Artificial intelligence for the study of early disease processes
Cima researchers present the results of an international competition for advanced software for cellular studies. 50 research groups from Spain, Germany, the Czech Republic, the United States, and Australia have participated in this Cell Tracking Challenge initiated ten years ago
May 22, 2023
Our researchers from the Biomedical Engineering Program at the Cima have presented the results of an international competition initiated ten years ago to improve the study of cell migration. The Cell Tracking Challenge confirms that software based on artificial intelligence poses a paradigm shift in the research of normal cell biology and pathological processes, such as cancer or tissue regeneration.
Cells move to perform their functions, for example, during embryonic development, where cells are highly mobile. Therefore, it is essential to understand how they move from the initial stages to the complete development of the embryo and to know which cells will give rise to which organs depending on their migration within the embryo. But cells also move in pathological processes, during the development of cancer and metastasis, or in the wound healing process.
"Traditionally, researchers carried out this study visually, which is extremely laborious and often impossible. Thus, ten years ago, we launched a challenge to promote the development of computer programs capable of carrying out cell tracking automatically. During this time, we have created a highly diverse database of videos to test these programs. Furthermore, we have established objective measures and common metrics to evaluate the accuracy of the different programs received”, explains Dr. Carlos Ortiz de Solórzano, director of the Biomedical Engineering Program at the Cima University of Navarra and coordinator of the international competition. The scientific journal Nature Methods publishes the results of this challenge in its latest issue.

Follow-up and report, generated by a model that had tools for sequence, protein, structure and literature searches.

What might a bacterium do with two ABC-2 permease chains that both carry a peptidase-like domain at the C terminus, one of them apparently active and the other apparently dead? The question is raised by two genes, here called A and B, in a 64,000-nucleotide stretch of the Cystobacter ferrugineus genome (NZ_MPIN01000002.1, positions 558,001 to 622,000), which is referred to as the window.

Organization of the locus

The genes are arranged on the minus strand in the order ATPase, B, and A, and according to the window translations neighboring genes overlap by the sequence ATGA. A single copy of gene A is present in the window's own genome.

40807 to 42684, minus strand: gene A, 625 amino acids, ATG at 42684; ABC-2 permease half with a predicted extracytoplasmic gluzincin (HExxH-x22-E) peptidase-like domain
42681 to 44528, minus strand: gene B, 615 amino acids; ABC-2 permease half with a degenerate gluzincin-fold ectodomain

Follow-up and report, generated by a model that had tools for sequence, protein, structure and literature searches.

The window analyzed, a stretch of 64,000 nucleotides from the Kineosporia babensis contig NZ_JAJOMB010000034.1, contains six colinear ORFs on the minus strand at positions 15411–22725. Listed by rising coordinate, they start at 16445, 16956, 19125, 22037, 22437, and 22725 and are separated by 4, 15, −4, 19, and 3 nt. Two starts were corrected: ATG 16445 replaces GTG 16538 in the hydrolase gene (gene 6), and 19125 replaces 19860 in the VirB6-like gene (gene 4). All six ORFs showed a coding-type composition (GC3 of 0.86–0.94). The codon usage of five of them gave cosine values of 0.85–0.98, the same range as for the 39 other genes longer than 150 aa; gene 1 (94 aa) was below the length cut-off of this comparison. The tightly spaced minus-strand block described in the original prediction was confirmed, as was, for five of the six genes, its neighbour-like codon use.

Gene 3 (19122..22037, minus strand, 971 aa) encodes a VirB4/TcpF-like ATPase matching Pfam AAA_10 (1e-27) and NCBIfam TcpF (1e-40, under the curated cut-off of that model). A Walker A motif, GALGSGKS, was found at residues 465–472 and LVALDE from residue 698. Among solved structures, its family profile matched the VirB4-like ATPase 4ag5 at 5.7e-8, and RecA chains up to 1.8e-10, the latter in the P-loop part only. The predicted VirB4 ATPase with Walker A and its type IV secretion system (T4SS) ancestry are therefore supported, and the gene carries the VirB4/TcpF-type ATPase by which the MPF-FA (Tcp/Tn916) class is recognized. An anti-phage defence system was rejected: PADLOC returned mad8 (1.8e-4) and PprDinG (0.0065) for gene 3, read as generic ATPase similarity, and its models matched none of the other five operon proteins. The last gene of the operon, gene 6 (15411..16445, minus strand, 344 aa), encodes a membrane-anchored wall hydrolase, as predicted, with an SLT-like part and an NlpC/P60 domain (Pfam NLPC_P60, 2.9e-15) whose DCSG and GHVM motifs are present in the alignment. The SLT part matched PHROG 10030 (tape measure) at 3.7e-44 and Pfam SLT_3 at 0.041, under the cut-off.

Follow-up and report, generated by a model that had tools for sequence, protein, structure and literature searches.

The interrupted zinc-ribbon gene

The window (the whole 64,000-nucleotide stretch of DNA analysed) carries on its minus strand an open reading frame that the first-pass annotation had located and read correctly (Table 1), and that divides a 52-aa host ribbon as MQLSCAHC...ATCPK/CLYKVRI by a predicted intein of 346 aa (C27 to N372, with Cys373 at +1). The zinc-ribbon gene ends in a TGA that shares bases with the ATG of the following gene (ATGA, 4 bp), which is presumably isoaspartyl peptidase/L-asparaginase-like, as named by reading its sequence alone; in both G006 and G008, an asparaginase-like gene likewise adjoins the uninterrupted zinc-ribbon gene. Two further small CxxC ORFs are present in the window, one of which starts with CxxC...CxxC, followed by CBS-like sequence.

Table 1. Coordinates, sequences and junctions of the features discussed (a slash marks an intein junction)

The challenge organizers, including groups from Spain, Germany, the Czech Republic, the United States, and Australia, have evaluated 80 programs submitted by 50 research groups worldwide. "Among the data that the participants have analyzed automatically, there are large videos (more than 300GB), such as the one containing the embryonic development of the red flour beetle (Tribolium castaneum) or other similar embryonic models widely used in biomedical research. Due to their size and complexity, these videos test the ability of programmers to manipulate and analyze large amounts of data," says Carlos Ortiz de Solórzano.
One of the most interesting conclusions reached by the challenge organizers is that cell recognition and tracking using artificial intelligence-based methods offers better results than conventional techniques. "Due to the emergence of these methods, which require a lot of data for training, we have made available to the scientific community a "Silver Ground Truth," i.e., an extensive set of automatically annotated data, based on the combination of the best solutions submitted by the participants," adds the project coordinator.
Following the results obtained, the challenge will continue to collect new programs to study the ability to detect cell divisions correctly and to reconstruct complete cell trajectories.